The AIHW receives data from specialist homelessness agencies every month. These data go through two processes of data validation (error checking). Firstly, data validation is incorporated into the client management systems (CMSs) most agencies use to record their data. Secondly, data are submitted through the AIHW online reporting web-portal, Specialist Homelessness Online Reporting (SHOR). SHOR completes a more thorough data validation and reports (to staff of the homelessness agency) any errors that need correcting before data can be accepted.
Of all the agencies expected to participate for at least one month in the collection (1542), 96.2% submitted information for each collection month where they were expected to participate, 2% provided data for some but not all months where data was expected, and 1.75% failed to provide data for any month.
Statistical Linkage Key (SLK) validity
An individual client may seek or receive support on more than one occasion—either from the same agency or from a different agency. Data from individual clients who presented at different agencies and/or at different times is matched based on a statistical linkage key (SLK) which allows client level data to be created. The SLK is constructed from information about the client’s date of birth, sex and an alphacode based on selected letters of their name.
In many support periods, in 2013–14, valid responses were not recorded for all questions—invalid responses were recorded, ‘don’t know’ was selected, or no response was recorded. Support periods with invalid/’don’t know’/missing responses were retained in the collection and, no attempt was made to deduce or impute the true value of invalid/’don’t know’/missing responses.
An imputation strategy is used to correct for two types of non-sampling error: agency non-response and data error in the statistical linkage key data item, which is used to link information about individual clients together to provide a complete picture for that client.
The SHSC replaces the SAAP NDC, which began in 1996. The SHSC differs from the SAAP NDC in many respects. The major definitional differences between SAAP and SHSC relate to the capture of information about children and support. In the SAAP NDC, children who accompanied a parent or guardian were counted as accompanying children (with only limited information collected); in the SHSC, children are included as clients (in their own right) if they directly receive a service. In SAAP, support was considered to entail generally 1 hour or more of a worker’s time; in SHSC no time-related condition exists.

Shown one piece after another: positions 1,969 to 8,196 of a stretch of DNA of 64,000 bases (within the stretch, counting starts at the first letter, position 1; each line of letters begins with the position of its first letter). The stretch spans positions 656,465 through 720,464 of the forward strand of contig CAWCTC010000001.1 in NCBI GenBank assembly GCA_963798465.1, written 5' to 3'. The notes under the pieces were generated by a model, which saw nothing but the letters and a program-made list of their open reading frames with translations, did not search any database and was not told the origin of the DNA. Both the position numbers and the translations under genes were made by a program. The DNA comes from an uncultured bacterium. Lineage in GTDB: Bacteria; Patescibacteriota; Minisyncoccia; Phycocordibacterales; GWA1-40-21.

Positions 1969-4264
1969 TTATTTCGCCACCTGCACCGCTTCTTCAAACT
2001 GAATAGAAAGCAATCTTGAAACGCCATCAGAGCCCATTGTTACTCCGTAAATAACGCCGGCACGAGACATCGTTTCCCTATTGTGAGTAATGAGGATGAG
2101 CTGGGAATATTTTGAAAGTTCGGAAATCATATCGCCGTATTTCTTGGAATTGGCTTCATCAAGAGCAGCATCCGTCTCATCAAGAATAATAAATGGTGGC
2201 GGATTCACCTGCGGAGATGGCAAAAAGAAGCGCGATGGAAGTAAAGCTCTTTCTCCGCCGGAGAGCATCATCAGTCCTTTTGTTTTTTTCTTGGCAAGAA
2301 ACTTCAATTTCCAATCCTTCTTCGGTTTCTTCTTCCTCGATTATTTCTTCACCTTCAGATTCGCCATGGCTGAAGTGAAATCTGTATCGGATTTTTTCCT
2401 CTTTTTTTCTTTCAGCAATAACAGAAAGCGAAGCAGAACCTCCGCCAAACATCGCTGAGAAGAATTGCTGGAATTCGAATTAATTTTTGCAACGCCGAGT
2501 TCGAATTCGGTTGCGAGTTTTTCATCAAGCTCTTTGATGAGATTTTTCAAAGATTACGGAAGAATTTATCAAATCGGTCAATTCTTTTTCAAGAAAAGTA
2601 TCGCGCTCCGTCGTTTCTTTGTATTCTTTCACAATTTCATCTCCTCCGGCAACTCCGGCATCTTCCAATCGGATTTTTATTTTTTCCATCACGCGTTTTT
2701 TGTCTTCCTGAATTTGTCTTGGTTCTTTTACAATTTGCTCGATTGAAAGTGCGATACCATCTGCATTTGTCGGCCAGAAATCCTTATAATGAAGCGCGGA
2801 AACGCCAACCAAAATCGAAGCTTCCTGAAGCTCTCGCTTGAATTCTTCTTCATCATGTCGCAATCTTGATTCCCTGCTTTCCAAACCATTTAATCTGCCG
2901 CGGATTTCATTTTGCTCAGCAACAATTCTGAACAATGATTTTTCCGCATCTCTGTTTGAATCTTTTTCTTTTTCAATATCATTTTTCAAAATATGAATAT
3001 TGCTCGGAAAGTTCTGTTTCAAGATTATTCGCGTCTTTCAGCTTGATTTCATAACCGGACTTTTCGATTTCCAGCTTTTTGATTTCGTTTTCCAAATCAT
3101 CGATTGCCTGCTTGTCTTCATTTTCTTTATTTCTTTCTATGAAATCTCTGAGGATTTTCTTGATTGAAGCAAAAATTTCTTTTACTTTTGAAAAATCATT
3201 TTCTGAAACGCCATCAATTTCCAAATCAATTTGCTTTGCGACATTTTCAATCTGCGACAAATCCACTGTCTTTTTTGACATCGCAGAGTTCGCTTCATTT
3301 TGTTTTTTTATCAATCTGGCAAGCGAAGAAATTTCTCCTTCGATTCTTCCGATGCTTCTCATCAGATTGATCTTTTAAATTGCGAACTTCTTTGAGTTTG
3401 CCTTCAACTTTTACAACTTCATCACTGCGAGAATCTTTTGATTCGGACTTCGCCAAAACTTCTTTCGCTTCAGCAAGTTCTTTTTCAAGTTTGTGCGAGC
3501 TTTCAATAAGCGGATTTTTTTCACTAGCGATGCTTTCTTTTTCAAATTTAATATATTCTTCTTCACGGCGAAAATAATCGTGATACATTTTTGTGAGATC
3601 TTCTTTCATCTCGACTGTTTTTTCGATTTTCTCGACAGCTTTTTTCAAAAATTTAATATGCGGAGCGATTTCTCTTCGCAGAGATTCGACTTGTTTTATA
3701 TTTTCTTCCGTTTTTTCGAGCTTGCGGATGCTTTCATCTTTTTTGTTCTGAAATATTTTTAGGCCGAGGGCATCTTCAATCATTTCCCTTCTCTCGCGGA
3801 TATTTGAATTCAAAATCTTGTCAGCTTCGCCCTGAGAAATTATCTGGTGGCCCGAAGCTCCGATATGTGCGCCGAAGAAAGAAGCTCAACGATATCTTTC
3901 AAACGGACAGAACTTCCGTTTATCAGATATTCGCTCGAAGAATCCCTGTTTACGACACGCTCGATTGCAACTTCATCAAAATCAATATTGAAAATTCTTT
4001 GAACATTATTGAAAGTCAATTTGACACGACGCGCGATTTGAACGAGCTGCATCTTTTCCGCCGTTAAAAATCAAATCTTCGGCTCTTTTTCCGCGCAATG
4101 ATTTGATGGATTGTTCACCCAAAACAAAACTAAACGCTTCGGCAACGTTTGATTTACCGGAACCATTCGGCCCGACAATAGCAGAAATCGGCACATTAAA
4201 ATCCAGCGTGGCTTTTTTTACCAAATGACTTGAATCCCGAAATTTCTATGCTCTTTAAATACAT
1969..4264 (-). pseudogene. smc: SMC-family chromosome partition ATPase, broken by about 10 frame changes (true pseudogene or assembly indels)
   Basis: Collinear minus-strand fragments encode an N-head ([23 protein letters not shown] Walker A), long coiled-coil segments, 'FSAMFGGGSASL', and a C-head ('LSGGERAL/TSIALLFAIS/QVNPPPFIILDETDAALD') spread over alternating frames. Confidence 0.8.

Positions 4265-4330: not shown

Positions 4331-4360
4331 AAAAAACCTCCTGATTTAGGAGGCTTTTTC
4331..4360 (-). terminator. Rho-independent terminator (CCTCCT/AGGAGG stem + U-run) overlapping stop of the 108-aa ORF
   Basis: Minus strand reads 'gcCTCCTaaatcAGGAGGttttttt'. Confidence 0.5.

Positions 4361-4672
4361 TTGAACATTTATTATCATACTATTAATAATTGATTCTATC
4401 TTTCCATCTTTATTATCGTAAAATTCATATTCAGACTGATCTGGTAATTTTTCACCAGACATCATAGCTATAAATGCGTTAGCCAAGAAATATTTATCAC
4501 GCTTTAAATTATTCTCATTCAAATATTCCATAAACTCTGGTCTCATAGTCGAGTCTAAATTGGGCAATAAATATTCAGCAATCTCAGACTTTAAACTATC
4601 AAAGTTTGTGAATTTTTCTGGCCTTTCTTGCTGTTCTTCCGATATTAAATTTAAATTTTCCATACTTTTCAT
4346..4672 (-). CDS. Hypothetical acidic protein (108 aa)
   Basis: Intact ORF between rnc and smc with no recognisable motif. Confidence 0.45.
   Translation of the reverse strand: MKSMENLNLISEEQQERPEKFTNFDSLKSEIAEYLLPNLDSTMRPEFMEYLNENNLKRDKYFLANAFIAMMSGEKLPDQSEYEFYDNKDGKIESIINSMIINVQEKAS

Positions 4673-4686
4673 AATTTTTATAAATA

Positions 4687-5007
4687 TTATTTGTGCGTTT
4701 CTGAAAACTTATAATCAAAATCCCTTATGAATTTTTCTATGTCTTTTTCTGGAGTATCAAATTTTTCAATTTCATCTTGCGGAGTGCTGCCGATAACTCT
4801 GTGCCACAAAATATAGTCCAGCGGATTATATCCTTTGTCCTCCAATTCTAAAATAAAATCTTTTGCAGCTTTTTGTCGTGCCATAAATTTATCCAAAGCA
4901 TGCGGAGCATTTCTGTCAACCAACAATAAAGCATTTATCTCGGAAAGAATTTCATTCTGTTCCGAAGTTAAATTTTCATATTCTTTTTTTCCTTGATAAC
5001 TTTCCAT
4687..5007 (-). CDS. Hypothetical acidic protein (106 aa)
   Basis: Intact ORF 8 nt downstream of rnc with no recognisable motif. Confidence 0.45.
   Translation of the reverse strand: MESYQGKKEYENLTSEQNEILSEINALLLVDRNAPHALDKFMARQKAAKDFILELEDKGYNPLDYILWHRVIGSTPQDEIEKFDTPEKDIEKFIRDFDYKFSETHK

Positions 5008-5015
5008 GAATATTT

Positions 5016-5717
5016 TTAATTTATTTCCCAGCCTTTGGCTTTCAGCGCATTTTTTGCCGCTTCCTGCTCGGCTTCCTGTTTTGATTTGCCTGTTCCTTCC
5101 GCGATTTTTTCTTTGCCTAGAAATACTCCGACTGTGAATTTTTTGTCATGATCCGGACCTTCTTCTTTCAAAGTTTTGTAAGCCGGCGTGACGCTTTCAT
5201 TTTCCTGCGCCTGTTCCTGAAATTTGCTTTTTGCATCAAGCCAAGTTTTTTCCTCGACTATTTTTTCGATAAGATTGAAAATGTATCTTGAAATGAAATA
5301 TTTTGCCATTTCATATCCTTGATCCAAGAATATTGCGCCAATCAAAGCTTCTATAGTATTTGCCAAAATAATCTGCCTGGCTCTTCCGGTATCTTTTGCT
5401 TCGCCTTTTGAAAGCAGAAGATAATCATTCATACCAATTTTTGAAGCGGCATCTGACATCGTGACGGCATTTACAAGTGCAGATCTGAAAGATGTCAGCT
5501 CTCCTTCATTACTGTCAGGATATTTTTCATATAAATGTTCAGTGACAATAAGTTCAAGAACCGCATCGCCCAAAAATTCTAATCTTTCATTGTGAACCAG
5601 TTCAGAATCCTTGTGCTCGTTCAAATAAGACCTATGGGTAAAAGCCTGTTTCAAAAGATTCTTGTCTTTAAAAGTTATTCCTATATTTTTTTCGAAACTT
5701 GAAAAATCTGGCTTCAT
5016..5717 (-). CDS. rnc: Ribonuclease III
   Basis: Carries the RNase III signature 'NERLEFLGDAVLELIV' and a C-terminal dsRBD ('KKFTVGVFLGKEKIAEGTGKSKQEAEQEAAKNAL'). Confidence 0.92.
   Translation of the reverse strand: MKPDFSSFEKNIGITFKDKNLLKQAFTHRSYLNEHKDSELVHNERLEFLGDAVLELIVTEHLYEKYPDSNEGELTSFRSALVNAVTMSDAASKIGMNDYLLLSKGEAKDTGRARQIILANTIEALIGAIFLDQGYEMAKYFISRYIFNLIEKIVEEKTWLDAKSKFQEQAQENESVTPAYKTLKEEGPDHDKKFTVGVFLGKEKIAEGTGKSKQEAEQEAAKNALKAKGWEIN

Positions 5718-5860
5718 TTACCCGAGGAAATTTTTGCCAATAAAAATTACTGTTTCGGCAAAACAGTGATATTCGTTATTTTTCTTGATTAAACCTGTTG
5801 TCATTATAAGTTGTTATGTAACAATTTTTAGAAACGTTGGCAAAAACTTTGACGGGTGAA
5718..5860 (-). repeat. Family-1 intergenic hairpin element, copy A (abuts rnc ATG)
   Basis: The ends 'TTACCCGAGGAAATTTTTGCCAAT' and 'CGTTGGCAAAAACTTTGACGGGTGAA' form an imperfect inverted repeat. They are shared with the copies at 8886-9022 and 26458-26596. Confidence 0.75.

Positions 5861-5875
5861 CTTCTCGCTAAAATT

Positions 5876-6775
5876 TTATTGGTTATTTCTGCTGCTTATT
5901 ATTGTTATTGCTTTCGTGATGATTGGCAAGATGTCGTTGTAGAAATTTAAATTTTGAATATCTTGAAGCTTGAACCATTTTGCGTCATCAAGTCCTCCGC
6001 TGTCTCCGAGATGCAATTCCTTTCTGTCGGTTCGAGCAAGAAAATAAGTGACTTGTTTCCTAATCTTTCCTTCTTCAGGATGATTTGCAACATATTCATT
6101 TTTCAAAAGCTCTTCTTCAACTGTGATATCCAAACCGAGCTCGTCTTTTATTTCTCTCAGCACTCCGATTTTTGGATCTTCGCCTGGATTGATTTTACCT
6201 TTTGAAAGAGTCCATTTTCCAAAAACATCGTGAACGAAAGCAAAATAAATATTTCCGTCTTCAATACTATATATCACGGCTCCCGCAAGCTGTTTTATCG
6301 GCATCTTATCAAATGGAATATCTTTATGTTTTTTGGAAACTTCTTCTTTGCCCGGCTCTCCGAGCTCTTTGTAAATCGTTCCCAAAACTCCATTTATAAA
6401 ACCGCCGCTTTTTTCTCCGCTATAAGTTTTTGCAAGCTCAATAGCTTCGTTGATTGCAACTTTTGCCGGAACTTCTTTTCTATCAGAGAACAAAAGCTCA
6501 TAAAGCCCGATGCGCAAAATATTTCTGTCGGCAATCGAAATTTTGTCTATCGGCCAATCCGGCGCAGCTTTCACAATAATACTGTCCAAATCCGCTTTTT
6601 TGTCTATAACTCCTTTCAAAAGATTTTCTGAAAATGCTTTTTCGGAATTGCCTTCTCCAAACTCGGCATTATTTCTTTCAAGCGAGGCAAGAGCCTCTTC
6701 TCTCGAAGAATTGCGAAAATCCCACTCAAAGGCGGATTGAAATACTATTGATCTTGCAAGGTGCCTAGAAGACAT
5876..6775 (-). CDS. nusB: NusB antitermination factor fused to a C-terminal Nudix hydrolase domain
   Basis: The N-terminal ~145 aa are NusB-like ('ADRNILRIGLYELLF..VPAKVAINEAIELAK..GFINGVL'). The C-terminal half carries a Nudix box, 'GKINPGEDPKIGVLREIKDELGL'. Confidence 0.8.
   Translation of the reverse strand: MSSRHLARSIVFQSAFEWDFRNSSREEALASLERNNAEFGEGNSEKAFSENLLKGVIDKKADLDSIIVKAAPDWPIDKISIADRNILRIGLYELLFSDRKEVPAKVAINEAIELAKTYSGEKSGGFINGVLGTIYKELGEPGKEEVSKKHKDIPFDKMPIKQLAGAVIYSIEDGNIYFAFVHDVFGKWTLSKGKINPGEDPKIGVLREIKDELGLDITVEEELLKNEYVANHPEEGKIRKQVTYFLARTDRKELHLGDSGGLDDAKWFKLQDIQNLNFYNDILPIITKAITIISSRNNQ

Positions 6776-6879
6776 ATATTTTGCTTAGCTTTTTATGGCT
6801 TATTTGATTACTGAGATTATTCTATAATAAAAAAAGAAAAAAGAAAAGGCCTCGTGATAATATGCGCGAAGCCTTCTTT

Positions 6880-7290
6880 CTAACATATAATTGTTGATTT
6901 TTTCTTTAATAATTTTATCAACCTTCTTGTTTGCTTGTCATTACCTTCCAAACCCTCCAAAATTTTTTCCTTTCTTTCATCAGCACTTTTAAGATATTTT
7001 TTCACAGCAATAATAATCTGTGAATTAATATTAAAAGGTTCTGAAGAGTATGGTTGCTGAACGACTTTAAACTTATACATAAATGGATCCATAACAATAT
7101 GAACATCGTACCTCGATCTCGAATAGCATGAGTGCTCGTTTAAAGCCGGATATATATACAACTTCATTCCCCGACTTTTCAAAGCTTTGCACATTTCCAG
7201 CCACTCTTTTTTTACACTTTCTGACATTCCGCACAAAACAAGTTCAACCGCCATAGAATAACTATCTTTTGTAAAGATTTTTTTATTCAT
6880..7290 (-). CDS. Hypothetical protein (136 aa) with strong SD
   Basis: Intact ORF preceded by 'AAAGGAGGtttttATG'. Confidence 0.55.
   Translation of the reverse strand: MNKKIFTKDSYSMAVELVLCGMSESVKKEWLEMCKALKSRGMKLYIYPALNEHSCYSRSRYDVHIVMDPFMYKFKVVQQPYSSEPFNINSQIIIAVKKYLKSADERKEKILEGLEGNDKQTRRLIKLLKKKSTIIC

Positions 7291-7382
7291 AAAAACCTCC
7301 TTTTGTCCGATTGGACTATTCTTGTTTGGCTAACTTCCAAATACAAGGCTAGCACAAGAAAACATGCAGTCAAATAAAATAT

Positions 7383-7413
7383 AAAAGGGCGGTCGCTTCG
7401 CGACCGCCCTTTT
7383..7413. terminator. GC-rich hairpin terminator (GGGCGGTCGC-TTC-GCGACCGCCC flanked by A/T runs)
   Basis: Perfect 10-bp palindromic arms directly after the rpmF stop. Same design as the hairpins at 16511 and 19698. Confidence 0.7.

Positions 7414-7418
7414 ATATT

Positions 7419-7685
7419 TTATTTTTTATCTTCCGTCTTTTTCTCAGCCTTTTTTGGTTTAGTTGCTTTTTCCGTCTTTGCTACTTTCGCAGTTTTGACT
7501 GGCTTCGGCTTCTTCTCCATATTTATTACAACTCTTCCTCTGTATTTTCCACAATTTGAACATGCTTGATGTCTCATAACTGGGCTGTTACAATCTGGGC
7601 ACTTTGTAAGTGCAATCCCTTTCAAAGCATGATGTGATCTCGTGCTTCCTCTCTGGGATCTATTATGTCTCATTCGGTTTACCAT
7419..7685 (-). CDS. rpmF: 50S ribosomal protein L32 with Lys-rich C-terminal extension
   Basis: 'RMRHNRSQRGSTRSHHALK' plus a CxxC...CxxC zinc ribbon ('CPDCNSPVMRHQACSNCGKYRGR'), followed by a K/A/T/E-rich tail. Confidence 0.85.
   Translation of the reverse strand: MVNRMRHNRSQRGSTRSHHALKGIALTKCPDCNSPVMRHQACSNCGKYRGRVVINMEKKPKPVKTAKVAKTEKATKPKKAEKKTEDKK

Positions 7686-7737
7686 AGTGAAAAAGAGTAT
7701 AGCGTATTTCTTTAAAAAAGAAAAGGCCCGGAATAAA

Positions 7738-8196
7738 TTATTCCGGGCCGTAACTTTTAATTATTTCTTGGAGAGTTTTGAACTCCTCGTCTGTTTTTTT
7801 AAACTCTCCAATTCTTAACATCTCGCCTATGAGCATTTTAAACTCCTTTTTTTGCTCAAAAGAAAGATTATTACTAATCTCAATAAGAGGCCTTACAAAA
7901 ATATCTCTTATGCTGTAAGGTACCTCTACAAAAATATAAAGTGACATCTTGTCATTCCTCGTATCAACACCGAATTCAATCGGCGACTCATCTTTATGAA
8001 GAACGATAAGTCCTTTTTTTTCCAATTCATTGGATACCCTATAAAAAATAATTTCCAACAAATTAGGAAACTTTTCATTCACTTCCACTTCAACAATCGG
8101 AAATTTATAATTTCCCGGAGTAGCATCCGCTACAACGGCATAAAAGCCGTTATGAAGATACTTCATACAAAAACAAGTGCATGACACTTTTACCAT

The SHSC employs an imputation strategy to correct for two types of sampling error; agency non-response and data error in the SLK key data item on a consistent basis for each year of the collection. In addition a ramp up imputation was also utilised in the first year of the collection to account for the month on month increase in the number of agencies that submitted data, and in order to report the full years activities in the first year and ensure that data was comparable acorss years of the collection.
Source and reference attributes
Australian Institute of Health and Welfare
|Steward:||Australian Institute of Health and Welfare|
Australian Institute of Health and Welfare (2014). Specialist Homelessness Services 2013-14. Cat. no. HOU XXX. Canberra: AIHW.
|Related metadata references:|
Supersedes Data quality statement (Specialist Homelessness Services Collection—December quarter 2011) AIHW Data Quality Statements, Archived 15/12/2014
Has been superseded by Specialist Homelessness Services Collection Data Quality Statement 2014-15 AIHW Data Quality Statements, Archived 14/12/2016